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Science is continually showing us that naps can be good for our health. Sleep deprivation, on the other hand, is a growing issue in our country, with more than seventy million Americans alone reporting sleep problems such as insomnia and restlessness. Dr. Nilong Vyas, M.D., the founder and owner of sleepless consulting program Sleepless in NOLA, says, “The research is plentiful that sleep is crucial and . . . there are so many factors that affect our nighttime sleep.” The chronic busyness, stress, sleep disorders, and technology use, which is ever-increasing in our society, may soon make a quick snooze a normal part of our daily health routines.

With so much information flooding us constantly, Vyas says most of us are having a hard time turning our brains off. Naps, then, are just what the doctor ordered. Benefits of napping include catching up on sleep debt, increasing late-afternoon energy, more creativity, and sharper senses for safer driving and decision-making. Some even equate napping with increased longevity.

But when should you nap, and how long? How do you sneak those precious few minutes of rest into your day, especially with school or a job? We asked the experts who've shared their best nap strategies below.

The Length of a Perfect Nap

Most experts agree on an average of twenty minutes for the perfect nap. But Dr. Kent Smith, D-ABDSM, ASBA, president of the American Sleep and Breathing Academy and the founder of Sleep Dallas, says that it “depends on the reason for the nap, but fifteen to forty-five minutes is considered an optimal duration, as longer than that can put you into a REM cycle, making you feel groggy.”

The trick is to avoid entering deep sleep, which takes time. This is why shorter naps are optimal. Smith says, “If you have only five minutes to nap? Go for it. Even that short period has been shown to improve alertness and certain memory processes.”

The Right Time of Day for a Nap

Because our reasons for napping vary, so do the suggested times. Generally, Smith says, naps are preferable in the early afternoons to prevent any disruption of your normal sleep/wake cycle. There are exceptions though. He explains that “‘storing sleep’ before a period of sleep deprivation improves physical performance and cognitive function, so if you will be pulling an all-nighter with your poker buddies, a long nap prior to that can increase your earnings.”

Vyas warns against napping too late in the evening on a regular basis, though. It may be okay a few times, she says, but doing that regularly “can alter the night sleep cycle and cause you to wake with such a groggy sensation that you can't enjoy your evening activities.”

Choose Your Napping Strategy

The Caffeinated Nap

Coffee naps are a new trend that some people are swearing by to boost their energy in the middle of the day. Some experts even suggest it to avoid drowsy driving. The theory is that coffee usually takes about twenty minutes to take effect in the average person’s body. Drinking coffee, then napping for that twenty minutes will have you waking up restored and alert. Yet Smith warns, “the results would be largely patient-dependent, as the effect of caffeine on a specific person is quite complex. It takes longer to metabolize caffeine at age 65 than at age 25, so there is more caffeine in the blood at bedtime for the senior. So it's potentially disruptive to nighttime sleep if you drink caffeine in the afternoon, especially the older you get.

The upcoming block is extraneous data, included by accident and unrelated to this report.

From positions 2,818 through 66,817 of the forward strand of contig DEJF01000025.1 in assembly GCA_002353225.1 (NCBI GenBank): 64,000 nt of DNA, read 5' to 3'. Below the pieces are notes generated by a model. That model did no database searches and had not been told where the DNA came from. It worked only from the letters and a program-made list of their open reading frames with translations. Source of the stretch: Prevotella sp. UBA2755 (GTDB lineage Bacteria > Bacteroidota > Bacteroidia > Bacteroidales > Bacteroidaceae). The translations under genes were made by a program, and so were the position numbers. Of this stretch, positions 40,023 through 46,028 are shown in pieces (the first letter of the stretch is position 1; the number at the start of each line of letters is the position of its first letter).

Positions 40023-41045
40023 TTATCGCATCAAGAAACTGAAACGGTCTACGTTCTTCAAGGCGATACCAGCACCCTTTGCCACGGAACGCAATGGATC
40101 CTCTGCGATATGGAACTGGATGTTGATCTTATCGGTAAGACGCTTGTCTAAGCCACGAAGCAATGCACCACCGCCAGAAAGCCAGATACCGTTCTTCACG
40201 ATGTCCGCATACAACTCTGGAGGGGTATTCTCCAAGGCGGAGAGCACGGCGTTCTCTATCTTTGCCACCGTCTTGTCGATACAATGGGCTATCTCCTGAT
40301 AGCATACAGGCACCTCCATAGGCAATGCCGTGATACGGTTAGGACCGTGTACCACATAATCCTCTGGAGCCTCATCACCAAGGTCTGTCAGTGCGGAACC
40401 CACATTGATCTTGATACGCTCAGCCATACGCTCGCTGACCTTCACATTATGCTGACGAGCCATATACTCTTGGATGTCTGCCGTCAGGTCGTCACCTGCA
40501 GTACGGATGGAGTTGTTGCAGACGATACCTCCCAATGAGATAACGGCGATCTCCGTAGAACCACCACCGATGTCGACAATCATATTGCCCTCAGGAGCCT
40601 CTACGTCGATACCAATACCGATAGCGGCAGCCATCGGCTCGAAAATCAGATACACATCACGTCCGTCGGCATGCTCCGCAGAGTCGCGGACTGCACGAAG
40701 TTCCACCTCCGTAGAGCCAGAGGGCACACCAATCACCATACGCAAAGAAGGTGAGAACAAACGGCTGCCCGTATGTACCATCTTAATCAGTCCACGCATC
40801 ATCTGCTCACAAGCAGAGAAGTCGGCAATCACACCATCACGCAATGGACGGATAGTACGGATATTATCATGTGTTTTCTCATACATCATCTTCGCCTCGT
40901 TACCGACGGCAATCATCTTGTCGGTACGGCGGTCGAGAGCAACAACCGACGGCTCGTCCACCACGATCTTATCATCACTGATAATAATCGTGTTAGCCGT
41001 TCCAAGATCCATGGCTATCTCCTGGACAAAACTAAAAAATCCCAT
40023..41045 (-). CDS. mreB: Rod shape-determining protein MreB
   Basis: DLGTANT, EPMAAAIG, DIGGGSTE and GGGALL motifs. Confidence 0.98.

Vyas says caffeine naps are definitely worth a try. “The coffee with the combination of the rejuvenation of the nap can fuel you for the rest of your day. It can be done in the morning or afternoon. I have inadvertently done this and not realized why I felt so good afterward!”

The Commuter’s Nap

If you take public transit or fly frequently for business, this is an excellent opportunity to sneak in some extra sleep. There are lots of great tips for napping on the road. A comfy neck pillow, headphones (preferably noise canceling), and a warm hat or scarf you can pull down over your eyes will help you catch some Z’s when and where you can.

The Group Nap

Fitness centers such as David Lloyd’s Gym in London are even cashing in on sleep-deprived members, offering "Napercise" classes. Members can nap for forty-five minutes comfortably in a group setting. The gym claims to keep the gym at “a temperature which promotes calorie burning during sleep,” according to The Independent. Class is held in the afternoon (ta-ta midday slump!). At this time we were unable to find classes available in the U.S., but no doubt they are on their way.

The Work Nap

Unfortunately, you've probably had to skip your midday nap since kindergarten, but some employers are trying to make up for this. Companies such as Google have nap pods on their campus, and employees love it. If you’re not lucky enough to work at one of these nap-friendly companies, the options you have may be limited. Putting your head down at your desk, going out to your parked car, or going home for lunch and a quick nap, are all options you can consider.

Famous Nappers in History

Odds are if you’re reading this article, you’re a fan of the nap—and you’re not alone. A few famous nappers you may recognize are Thomas Edison, Leonardo da Vinci, Margaret Thatcher, Winston Churchill, Charlie Rose, Eleanor Roosevelt, and Nikola Tesla, who all swore by their afternoon shut-eye.

Sleep is crucial—and let’s face it, at least in America, we need it badly. Fitting those twenty minutes into your day can be difficult, but the rewards for your health and wellness are plenty and long term. So grab your blankie, teddy bear, and pillow, and snuggle up—napping isn’t just for kindergarten anymore.